Black women who smoke cigarettes are at increased risk of systemic lupus erythematosus (SLE), while those who drink alcohol in moderation have a decreased risk, data from the prospective Black Women’s Health Study suggests.
The current findings among black women, who are the demographic group at the highest risk of SLE in the U.S. population, are consistent with the previously reported positive association of cigarette smoking with risk of SLE and inverse association of alcohol consumption with SLE,” lead researchers Yvette Cozier, DSc, and Medha Barbhaiya, MD, and their colleagues wrote in a study published in.
“The role of environmental factors in the pathogenesis of SLE is of great interest, as genetic factors do not explain a major portion of the incidence. Cigarette smoking has been associated with SLE risk in several, but not all, past studies,” wrote Dr. Cozier of the Slone Epidemiology Center at Boston University and Dr. Barbhaiya of the Hospital for Special Surgery, New York, and their coauthors.
Their analysis of data from the Black Women’s Health Study, a prospective study following 59,000 black women in the United States since 1995, identified 127 new cases of SLE between 1995 and 2015 that were confirmed by medical records.
At baseline, 8,851 women (16%) were current smokers, and 10,447 (18%) were past smokers. A total of 14,001 (25%) were current drinkers, and 10,255 (18%) were past drinkers.
The researchers reported that, compared with never smokers, women who had ever smoked had a 45% higher risk for SLE than did never smokers (hazard ratio, 1.45; 95% confidence interval, 0.97-2.18), but the finding was not statistically significant.
The risk of SLE was greater among current smokers (52% higher risk) than among past smokers (41% higher risk), and greater for 20 or more pack-years of smoking (60% higher risk) than for less than 20 pack-years of smoking (37% higher risk), although the authors noted that none of these differences were statistically significant.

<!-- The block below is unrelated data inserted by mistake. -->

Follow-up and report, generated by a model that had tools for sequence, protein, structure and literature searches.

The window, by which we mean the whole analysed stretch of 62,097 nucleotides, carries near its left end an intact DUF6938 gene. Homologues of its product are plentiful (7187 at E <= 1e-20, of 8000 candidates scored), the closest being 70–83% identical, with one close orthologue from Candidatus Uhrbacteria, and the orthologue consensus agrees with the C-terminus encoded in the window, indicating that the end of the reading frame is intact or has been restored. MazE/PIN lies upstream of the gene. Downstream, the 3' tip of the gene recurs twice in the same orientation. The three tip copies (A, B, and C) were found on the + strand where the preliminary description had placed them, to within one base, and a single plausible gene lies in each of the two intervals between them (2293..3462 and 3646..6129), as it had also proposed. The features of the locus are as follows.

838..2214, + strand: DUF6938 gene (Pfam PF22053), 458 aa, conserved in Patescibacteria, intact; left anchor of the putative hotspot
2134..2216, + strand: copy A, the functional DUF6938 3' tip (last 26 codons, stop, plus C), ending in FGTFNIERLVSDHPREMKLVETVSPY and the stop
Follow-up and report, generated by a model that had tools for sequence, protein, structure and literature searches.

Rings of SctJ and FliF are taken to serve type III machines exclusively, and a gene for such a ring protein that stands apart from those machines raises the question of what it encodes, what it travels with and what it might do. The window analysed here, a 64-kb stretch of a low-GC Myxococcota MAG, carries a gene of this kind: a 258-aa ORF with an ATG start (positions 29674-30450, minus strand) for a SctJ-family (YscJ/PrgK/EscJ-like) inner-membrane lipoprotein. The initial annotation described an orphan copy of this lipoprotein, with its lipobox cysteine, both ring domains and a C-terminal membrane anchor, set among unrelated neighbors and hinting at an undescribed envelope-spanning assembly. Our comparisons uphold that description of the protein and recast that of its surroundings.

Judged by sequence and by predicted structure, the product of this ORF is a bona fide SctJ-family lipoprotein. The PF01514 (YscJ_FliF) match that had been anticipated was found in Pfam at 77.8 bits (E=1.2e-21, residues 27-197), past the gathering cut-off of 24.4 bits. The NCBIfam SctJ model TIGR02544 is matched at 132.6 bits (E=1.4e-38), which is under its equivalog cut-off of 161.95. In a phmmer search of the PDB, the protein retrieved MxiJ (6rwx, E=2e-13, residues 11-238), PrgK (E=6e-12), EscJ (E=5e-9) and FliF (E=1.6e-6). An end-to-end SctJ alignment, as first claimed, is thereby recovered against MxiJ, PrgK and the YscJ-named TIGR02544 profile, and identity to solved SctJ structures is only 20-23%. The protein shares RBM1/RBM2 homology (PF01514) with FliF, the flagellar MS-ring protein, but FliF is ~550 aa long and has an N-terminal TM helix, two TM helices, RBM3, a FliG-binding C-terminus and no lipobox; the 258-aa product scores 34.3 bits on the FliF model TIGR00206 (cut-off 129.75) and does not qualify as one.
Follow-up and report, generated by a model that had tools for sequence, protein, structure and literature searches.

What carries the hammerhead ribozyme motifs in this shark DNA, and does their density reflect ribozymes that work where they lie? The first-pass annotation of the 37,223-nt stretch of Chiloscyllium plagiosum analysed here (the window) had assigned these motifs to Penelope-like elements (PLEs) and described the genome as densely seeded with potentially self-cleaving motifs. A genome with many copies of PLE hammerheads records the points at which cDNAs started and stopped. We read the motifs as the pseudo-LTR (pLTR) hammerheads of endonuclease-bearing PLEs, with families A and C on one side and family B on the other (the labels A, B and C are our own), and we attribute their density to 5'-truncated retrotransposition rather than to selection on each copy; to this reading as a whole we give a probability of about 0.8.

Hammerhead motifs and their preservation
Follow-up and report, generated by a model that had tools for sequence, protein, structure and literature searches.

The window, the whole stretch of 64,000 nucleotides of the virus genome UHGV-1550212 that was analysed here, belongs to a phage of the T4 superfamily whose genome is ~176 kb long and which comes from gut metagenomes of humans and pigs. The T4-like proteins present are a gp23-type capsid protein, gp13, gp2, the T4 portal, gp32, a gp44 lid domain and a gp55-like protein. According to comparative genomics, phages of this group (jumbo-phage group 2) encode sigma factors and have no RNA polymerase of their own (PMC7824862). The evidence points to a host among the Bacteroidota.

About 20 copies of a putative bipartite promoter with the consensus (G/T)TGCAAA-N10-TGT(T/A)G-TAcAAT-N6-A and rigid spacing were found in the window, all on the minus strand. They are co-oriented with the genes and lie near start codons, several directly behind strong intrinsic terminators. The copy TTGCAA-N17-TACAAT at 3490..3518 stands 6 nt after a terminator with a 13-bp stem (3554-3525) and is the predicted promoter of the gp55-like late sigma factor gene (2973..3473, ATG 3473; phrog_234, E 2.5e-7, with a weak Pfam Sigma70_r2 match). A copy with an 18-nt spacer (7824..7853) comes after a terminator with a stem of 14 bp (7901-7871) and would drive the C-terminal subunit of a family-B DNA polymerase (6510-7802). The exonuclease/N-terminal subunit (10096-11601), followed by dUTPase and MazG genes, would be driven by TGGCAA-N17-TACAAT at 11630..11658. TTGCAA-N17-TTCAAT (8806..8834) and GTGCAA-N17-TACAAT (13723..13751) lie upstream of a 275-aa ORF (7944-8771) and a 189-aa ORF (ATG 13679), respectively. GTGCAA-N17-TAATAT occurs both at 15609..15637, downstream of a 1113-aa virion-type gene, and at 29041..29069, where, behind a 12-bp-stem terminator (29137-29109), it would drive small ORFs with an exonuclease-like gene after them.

Current and past alcohol consumption were associated with nonsignificant reductions in risk for SLE, 29% and 21%, respectively. However, “moderate” current alcohol consumption, measured as four or more drinks per week, was associated with a 57% reduction in risk for SLE (HR, 0.43; 95% CI, 0.19-0.96).
The researchers said that the associations between cigarette smoking and alcohol intake with SLE risk were biologically plausible and may lead to insights into SLE pathogenesis. For example, exposure to toxic components from cigarette smoke was associated with increased oxidative stress and stimulation of autoantibody production, and such exposure can directly damage endogenous proteins and DNA. Alcohol suppresses the synthesis of proinflammatory cytokines and may inhibit DNA synthesis.
The small number of lupus cases in the Black Women’s Health Study cohort limited the statistical power of the analysis. Smoking and alcohol use were also relatively uncommon among women in the Black Women’s Health Study cohort, the investigators said.
“Future studies are needed to confirm these findings and establish the biologic mechanisms by which cigarette smoking and alcohol consumption influence the risk of SLE in this population and others,“ they wrote.
The study was supported by individual investigators’ grant awards from the National Cancer Institute, the National Institute of Arthritis and Musculoskeletal and Skin Diseases, the Rheumatology Research Foundation, and the Lupus Foundation of America. The authors declared no relevant conflicts of interest.
SOURCE: Cozier Y et al. Arthritis Care Res. 2018 Aug 9.